Structural weaknesses in the economy continue to hold back Turkey's equity performance, says Maarten-Jan Bakkum, senior strategist Emerging Markets at ING Investment Management.
Structural weaknesses in the economy continue to hold back Turkey’s equity performance, says Maarten-Jan Bakkum, senior strategist Emerging Markets at ING Investment Management.
Turkey is seen to have an excellent position among emerging market economies, Bakkum said.
A young and increasingly educated workforce, diverse economy, good location between Europe, Russia and the Middle East, and expectations it can maintain a growth rate of 5% over the next two decades.
“Even so, the Turkish equity market has been rather weak recently,” Bakkum said.
“And even over the long term the Turkish market’s relative performance against the emerging market index has not been convincing. Whereas, for instance, the Indian and Brazilian markets have clearly outperformed the index over the past 15 and 10 years respectively, the Turkish market has posted rather modest returns: in fact, since 1997 investors in Turkey have not earned more than the emerging market average.”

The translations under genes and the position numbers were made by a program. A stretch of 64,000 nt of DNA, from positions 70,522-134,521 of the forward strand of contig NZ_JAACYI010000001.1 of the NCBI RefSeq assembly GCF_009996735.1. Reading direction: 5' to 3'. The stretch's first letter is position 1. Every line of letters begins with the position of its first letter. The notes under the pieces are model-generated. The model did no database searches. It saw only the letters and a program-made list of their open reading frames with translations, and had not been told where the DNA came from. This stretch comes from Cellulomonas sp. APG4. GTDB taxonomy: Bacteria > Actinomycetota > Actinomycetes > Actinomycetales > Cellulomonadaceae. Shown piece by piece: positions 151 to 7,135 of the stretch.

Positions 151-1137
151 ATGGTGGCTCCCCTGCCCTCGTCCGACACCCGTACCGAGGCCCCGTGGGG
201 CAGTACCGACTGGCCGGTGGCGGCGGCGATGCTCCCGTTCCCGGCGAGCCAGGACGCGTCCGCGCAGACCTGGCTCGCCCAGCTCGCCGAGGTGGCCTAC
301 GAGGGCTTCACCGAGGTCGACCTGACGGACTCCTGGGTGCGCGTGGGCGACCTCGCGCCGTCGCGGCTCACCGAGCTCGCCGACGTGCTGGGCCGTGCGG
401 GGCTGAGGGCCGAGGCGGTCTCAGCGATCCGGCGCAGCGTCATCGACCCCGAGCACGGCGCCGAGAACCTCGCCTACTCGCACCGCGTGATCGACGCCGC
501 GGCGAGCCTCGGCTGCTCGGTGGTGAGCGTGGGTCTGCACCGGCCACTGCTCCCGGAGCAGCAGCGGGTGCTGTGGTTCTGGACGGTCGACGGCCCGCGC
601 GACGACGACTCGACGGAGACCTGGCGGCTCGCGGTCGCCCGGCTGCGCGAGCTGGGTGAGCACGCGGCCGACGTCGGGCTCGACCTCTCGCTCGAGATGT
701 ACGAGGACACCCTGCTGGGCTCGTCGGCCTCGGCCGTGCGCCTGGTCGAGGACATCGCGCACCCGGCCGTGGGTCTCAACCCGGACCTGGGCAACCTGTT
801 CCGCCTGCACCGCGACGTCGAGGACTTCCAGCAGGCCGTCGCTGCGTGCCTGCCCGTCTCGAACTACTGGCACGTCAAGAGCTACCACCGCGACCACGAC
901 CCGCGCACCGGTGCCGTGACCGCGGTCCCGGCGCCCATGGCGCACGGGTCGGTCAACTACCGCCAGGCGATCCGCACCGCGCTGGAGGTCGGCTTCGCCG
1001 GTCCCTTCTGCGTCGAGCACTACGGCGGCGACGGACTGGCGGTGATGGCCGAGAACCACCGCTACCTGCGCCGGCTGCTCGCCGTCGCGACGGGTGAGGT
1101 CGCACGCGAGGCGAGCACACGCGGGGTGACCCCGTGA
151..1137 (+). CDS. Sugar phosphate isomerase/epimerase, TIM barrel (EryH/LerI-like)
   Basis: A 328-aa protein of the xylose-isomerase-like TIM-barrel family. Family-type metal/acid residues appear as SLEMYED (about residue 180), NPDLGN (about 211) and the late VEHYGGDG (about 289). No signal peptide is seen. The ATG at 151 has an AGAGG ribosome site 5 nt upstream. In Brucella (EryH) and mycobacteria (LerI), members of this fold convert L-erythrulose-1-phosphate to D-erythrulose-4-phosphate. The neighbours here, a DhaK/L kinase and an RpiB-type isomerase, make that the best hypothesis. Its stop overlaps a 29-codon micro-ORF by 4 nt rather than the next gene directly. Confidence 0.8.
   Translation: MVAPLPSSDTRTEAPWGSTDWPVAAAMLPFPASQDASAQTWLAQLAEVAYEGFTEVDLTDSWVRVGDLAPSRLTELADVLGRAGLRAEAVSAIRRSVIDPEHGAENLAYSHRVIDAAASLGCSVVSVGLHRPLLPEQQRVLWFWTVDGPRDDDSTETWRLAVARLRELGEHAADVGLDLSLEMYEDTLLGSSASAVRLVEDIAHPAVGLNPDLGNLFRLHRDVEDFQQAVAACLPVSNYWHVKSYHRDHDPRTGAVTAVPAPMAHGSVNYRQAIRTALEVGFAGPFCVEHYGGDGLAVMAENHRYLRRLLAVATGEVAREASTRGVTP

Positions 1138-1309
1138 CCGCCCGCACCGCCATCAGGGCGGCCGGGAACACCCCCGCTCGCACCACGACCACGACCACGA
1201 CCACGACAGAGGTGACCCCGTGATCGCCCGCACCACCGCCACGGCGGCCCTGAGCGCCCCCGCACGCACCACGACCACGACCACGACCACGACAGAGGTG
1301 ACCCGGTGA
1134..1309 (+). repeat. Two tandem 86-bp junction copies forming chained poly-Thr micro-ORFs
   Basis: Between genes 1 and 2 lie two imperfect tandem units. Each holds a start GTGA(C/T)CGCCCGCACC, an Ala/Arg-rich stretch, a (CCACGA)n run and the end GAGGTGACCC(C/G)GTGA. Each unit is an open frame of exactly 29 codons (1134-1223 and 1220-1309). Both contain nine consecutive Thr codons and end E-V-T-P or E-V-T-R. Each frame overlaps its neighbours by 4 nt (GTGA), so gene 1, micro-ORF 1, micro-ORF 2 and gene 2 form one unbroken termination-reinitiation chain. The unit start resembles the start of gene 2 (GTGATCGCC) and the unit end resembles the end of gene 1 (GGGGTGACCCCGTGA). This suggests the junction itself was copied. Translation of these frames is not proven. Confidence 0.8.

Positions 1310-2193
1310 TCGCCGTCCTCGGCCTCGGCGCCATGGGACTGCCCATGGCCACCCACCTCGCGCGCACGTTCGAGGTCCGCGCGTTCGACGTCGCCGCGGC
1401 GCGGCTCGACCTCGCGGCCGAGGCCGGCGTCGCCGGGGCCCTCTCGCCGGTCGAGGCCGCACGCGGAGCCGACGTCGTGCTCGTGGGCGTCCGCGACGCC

The explanation for the lagging performance is in the country’s approach to running its economy, Bakkum suggested.
“Every time the Turkish economy gathers momentum, the current account deficit or the inflation figure immediately shoots up. True to form, during the present economic boom the current account deficit has soared, to more than 8% of GDP. And inflation, which is still surprisingly low, will probably rise over the coming months.”
Politics is looming large because the country is going to the polls in June. The governing AK Party wants to run on its economic record, which ignores the need for changes to fiscal and monetary policies to stop the economy overheating.
“The strong economy seems to be a guarantee for electoral success. But this ignores the huge risks of another economic crisis. Because how will Turkey finance its deficits if the oil price remains high and investors’ confidence in Turkish economic policy continues to wane?”
Bakkum expects the boom-bust cycle of past years to repeat itself going forward, thus limiting the success of the Turkish equity market.